Illegal block #10 (3616690042) in bad block inode.  IGNORED.
    Illegal block #11 (3013845196) in bad block inode.  IGNORED.
    Illegal block #-1 (3752925249) in bad block inode.  IGNORED.
    Illegal block #-2 (262176290) in bad block inode.  IGNORED.
    Illegal block #-3 (2538493338) in bad block inode.  IGNORED.
    Error while iterating over blocks in inode 1: Illegal triply indirect block found
    Recreate journal to make the filesystem ext3 again?
    Fix<y>? yes
    
    Creating journal (32768 blocks): Error : File exists 
            while trying to create journal
    e2fsck: aborted
    I didn't keep going because I didn't want to lose any data, do you think the errors are because of the encryption or have the files been corrupted

  4. #4
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    Re: corrupted partition(need to recover)

    Quote Originally Posted by Ender305 View Post
    do you think the errors are because of the encryption or have the files been corrupted
    How exactly did you create the encrypted file system? Are you using the built-in cryptloop stuff in the kernel, or are you using some extra package like Truecrypt, or perhaps an encrypting hard drive? Are you doing full disk encryption, encrypting on a partition-by-partition basis, or creating an encrypted volume within an existing (non-encrypted) partition?
    Hal Pomeranz, Deer Run Associates
    [[ Various Linux/Unix related documents ]]
    [[ Command-Line Kung Fu blog ]]

  5. #5
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    Re: corrupted partition(need to recover)

    It uses cryptoloop and its encrypted on the partition level; I encrypted the partition using the standard encryption options in the alternate install cd.

  6. #6
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    Re: corrupted partition(need to recover)

    Quote Originally Posted by Ender305 View Post
    It uses cryptoloop and its encrypted on the partition level; I encrypted the partition using the standard encryption options in the alternate install cd.
    Then I would speculate that the problems you were having with fsck were due to the encryption. I assume fsck was trying to treat the partition as an unencrypted volume and of course the superblocks, inodes, etc wouldn't be readable because they were encrypted.

    Again, because I don't have a lot of experience with the built-in Linux disk encryption technology, I'm not sure how to advise you. For you to be able to fsck the file system, you'd have to get to the point where fsck can see the decrypted file system image. I'm not sure how to do that without mounting the volume (which of course you probably can't do because the file system is corrupted).

    What's the state of your backups of the data in this partition?
    Hal Pomeranz, Deer Run Associates
    [[ Various Linux/Unix related documents ]]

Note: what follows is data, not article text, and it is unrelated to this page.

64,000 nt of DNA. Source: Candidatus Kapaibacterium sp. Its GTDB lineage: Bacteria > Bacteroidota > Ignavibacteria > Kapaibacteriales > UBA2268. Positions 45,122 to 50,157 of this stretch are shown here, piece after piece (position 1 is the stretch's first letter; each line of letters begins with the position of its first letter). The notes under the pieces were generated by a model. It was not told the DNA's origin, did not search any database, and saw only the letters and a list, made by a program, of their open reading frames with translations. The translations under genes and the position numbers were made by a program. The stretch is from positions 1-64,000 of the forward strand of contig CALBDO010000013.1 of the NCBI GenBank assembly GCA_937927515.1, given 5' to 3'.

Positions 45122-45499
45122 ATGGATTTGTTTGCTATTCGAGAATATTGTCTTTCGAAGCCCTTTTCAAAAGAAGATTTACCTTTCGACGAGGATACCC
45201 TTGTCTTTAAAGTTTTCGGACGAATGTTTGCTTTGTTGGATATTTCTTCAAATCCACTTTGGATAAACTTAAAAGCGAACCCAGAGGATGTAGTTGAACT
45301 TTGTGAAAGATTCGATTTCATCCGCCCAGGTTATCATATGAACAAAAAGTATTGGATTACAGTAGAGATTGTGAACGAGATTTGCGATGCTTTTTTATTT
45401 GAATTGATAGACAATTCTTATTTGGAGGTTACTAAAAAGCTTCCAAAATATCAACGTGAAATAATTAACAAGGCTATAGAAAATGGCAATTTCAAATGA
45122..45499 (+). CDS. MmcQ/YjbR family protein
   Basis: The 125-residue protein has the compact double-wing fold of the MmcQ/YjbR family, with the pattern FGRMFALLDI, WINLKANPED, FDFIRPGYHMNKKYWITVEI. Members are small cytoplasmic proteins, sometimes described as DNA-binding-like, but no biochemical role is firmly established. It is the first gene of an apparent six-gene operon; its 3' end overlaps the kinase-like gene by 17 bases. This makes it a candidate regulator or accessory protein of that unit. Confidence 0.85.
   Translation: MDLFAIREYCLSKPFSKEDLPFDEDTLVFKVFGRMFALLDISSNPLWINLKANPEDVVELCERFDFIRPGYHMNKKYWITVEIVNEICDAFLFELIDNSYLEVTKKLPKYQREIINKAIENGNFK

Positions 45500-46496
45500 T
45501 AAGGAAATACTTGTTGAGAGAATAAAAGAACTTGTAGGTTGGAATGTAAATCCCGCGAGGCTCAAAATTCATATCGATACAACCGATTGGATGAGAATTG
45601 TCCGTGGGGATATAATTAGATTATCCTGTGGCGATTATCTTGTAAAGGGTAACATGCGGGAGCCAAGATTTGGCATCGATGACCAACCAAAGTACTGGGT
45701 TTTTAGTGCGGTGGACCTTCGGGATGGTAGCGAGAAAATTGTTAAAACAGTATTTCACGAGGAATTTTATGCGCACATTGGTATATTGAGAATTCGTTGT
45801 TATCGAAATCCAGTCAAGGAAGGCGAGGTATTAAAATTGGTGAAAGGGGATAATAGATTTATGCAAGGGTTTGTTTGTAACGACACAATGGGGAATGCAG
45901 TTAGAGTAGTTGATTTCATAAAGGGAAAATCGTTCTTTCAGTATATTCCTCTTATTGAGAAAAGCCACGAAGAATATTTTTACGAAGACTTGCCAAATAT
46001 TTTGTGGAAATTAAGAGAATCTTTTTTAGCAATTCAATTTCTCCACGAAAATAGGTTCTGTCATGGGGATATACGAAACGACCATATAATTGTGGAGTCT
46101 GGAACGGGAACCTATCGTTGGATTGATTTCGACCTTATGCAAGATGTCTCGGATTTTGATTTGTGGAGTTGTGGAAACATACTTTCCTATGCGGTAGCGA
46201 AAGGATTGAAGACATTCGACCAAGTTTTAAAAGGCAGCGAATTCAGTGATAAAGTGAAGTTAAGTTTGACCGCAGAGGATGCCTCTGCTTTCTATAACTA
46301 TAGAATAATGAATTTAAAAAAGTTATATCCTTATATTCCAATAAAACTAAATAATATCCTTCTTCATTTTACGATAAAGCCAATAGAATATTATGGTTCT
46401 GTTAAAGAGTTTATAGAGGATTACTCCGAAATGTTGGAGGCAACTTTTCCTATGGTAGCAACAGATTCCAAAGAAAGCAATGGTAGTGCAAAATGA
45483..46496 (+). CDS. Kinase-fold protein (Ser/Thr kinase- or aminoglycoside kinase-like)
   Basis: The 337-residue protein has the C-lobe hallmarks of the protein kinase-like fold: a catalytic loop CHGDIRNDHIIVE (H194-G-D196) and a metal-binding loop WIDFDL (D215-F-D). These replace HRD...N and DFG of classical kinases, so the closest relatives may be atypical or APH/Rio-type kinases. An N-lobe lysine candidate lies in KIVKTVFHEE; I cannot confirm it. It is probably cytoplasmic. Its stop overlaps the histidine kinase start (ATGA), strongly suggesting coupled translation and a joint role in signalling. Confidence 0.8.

[[ Command-Line Kung Fu blog ]]

  7. #7
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    Re: corrupted partition(need to recover)

    haha, if the superblocks are encrypted, why was I able to find a valid backup superblock? the chances of that happening at random are approximately zero

  8. #8
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    Re: corrupted partition(need to recover)

    Quote Originally Posted by Ender305 View Post
    haha, if the superblocks are encrypted, why was I able to find a valid backup superblock? the chances of that happening at random are approximately zero
    Mmmm, yeah. Unencrypted superblocks but encrypted data/inodes? Seems possible because the kernel would need to look at the superblocks to identify the type of file system. I'm just not clear on the technical implementation details.
    Hal Pomeranz, Deer Run Associates
    [[ Various Linux/Unix related documents ]]
    [[ Command-Line Kung Fu blog ]]

  9. #9
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    Re: corrupted partition(need to recover)

    this is kinda like a Catch 22, I have to mount the partition so its unencrypted and I can check it, but I cant mount it because its corrupter and I need to check it, there must be some way around this though

  10. #10
    Join Date
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    Ubuntu 14.04 Trusty Tahr

    Re: corrupted partition(need to recover)

    I'm new at working with encrypted file systems too, but I have these two links which I hope might be helpful, Running fsck on a LUKS encrypted partition in LVM, and Rescue an encrypted LUKS LVM volume.
    The first link looks as if it could be more applicable to Red Hat Linux, but it is about the subject of this thread.
    The second link is applicable to Ubuntu, but it's more about mounting, whch is different from what we're trying to do, but maybe the first half of it will be of some use.
    I hope some combination of the two will get the job done.
    Ubuntu user since 2004 (Warty Warthog)